Listed Building

The legal part of the listing is the address/name of site only. All other information in the record is not statutory.

Dirleton castle gate, tower, north and west gateways and boundary walls, excluding scheduled monument SM90096, DirletonLB1525

Status: Designated

Documents

There are no additional online documents for this record.

Summary

Category
A
Date Added
05/02/1971
Last Date Amended
11/06/2018
Local Authority
East Lothian
Planning Authority
East Lothian
Parish
Dirleton
NGR
NT 51609 83929
Coordinates
351609, 683929

Description

Castle Gate: The castle gate is a 16th century round arched gateway forming an entrance to Castlemains. It is set within the partial remains of a rubble wall. The surround to the north has quirk-edged roll moulding, and the south a segmentally arched embrasure. A bar-hole is evident in the east jamb.

Tower: The tower is earlier 19th century in date. It is a circular, two-storey tower, built of stugged sandstone ashlar and set at the west angle of the boundary walls. It is battered at the base, with arrow slits. There are paired pointed windows to the east with diamond pane glazing. A forestair to the south serves as a porch to the doorway below, with a doorway above. Below a crenellated gablet coped parapet is a string course with water spouts bearing curved arrow slit details. There is a single diminutive chimney to the northeast behind the parapet.

North and west entrance gateways and boundary walls: The walls are earlier 19th century in date. They have raised stugged ashlar bays with gablet coping, roll-moulded outer surrounds, and chamfered inners to hoodmoulded gateways. The timber doors have yett grilles in their upper panels. The rubble walls are ashlar coped with two stugged ashlar courses and gablet coping set above. The walls bound the north and west of the castle grounds.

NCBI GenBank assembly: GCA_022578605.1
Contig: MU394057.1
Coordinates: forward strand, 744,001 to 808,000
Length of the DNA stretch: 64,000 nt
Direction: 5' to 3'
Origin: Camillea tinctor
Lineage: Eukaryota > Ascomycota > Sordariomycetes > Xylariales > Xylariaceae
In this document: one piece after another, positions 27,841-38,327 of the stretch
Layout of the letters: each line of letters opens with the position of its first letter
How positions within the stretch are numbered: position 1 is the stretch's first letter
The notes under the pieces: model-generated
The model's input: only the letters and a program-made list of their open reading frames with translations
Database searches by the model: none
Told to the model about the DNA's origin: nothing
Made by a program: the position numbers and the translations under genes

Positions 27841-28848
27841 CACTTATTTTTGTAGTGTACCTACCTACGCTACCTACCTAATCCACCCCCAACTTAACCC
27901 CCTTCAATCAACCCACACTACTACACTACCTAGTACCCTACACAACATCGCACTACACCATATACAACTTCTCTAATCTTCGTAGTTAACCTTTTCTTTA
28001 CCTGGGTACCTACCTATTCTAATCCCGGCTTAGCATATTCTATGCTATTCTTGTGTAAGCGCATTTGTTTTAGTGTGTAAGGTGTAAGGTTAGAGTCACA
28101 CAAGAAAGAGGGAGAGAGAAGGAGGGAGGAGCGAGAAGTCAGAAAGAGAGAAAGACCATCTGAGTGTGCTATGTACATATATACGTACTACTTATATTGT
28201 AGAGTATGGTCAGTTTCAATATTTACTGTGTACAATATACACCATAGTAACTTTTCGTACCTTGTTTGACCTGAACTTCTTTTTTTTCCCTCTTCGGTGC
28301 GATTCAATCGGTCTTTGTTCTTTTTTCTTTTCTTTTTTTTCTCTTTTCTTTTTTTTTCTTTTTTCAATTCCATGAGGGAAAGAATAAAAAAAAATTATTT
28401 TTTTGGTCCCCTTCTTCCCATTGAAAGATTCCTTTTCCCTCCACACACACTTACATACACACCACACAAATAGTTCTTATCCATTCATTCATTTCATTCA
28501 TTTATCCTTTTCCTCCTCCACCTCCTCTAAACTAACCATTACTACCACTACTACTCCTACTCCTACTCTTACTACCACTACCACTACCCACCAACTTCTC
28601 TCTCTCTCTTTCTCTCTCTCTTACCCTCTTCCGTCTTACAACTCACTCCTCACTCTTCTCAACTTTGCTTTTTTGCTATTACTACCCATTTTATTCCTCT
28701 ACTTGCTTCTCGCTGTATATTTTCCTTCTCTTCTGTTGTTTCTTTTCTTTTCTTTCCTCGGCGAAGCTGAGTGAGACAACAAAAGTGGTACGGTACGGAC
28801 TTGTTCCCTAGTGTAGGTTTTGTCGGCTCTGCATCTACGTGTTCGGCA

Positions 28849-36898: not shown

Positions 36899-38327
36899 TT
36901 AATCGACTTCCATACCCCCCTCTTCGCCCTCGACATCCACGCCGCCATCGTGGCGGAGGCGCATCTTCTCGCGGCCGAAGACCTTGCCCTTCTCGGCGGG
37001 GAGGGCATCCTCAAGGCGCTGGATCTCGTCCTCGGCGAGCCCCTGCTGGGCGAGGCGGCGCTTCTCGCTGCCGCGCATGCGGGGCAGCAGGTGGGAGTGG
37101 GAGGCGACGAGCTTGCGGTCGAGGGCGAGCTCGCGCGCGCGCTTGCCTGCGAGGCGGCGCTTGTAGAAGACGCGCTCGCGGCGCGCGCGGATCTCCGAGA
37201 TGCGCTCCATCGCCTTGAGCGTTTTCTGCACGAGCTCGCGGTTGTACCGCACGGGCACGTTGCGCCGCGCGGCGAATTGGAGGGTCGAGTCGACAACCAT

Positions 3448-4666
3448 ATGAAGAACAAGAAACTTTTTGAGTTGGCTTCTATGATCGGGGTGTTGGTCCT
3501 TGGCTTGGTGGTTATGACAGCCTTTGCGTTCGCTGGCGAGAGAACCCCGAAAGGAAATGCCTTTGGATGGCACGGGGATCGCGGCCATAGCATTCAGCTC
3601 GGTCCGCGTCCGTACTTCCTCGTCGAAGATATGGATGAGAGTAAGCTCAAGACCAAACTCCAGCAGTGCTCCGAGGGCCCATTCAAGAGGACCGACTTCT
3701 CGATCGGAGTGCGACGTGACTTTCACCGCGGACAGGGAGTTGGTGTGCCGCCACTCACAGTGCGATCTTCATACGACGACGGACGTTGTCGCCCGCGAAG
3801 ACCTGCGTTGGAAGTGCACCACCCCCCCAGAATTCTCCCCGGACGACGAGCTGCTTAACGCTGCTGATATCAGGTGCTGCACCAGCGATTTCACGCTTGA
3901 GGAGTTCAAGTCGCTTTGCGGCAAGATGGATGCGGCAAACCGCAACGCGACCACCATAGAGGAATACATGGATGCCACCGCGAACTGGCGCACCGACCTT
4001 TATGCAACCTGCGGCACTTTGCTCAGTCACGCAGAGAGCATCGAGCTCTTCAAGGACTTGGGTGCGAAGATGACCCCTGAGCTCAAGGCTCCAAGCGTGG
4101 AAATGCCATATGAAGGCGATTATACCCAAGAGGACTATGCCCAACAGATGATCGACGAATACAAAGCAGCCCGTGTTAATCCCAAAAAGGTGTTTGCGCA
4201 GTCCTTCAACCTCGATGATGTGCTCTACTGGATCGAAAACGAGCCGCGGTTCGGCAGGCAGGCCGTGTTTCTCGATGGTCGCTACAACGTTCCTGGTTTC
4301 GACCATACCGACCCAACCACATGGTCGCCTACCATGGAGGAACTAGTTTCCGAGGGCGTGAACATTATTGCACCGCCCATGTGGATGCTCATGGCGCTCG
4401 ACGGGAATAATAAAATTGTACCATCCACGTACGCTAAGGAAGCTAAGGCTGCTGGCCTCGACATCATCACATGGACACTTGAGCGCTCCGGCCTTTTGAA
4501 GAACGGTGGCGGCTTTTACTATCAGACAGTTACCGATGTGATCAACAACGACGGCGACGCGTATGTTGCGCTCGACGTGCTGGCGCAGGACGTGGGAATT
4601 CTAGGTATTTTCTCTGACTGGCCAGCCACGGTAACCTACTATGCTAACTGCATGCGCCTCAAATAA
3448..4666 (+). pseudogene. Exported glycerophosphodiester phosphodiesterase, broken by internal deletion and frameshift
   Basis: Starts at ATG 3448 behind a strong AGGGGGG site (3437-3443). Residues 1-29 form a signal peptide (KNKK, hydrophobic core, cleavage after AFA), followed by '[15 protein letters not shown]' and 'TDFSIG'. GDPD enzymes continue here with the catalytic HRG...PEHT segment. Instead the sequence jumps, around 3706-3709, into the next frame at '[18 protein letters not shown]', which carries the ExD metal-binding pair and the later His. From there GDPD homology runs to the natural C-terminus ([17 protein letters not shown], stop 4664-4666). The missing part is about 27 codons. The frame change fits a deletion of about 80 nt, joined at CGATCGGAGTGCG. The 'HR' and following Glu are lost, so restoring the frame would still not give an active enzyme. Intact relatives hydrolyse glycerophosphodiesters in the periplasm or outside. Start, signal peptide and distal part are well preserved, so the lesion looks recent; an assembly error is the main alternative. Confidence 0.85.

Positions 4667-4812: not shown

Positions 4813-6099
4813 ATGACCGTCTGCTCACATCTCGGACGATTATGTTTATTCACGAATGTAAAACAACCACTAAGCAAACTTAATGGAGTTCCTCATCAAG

In accordance with Section 1 (4A) of the Planning (Listed Buildings and Conservation Areas) (Scotland) Act 1997 the following are excluded from the listing: scheduled monument SM90096 (see separate designation record).

Statement of Special Interest

The tower entrance gates and wall copings were part of Lady Elgin s "beautification" of Dirleton, bearing similar features in other parts of the village. The tower was deemed the most expensive "lamp standard". Guardianship monument.

In accordance with Section 1 (4A) of the Planning (Listed Buildings and Conservation Areas) (Scotland) Act 1997 the following are excluded from the listing: scheduled monument SM90096 (see separate designation record).

Statutory Address revised in 2018. Previously listed as DIRLETON VILLAGE DIRLETON CASTLE, DOVECOT, CASTLE GATE, TOWER AND NORTH AND WEST GATEWAYS AND BOUNDARY WALLS

References

Bibliography

Cruden, S (1981) The Scottish Castle. Edinburgh. pp 80-87.

McWilliam, C. (1978) Buildings of Scotland. Lothian except Edinburgh. Butler and Tanner Ltd: London. pp 173-6.

RCAHMS (1924) Eighth report with inventory of monuments and constructions in the county of East Lothian. RCAHMS: Edinburgh. pp. 17-21.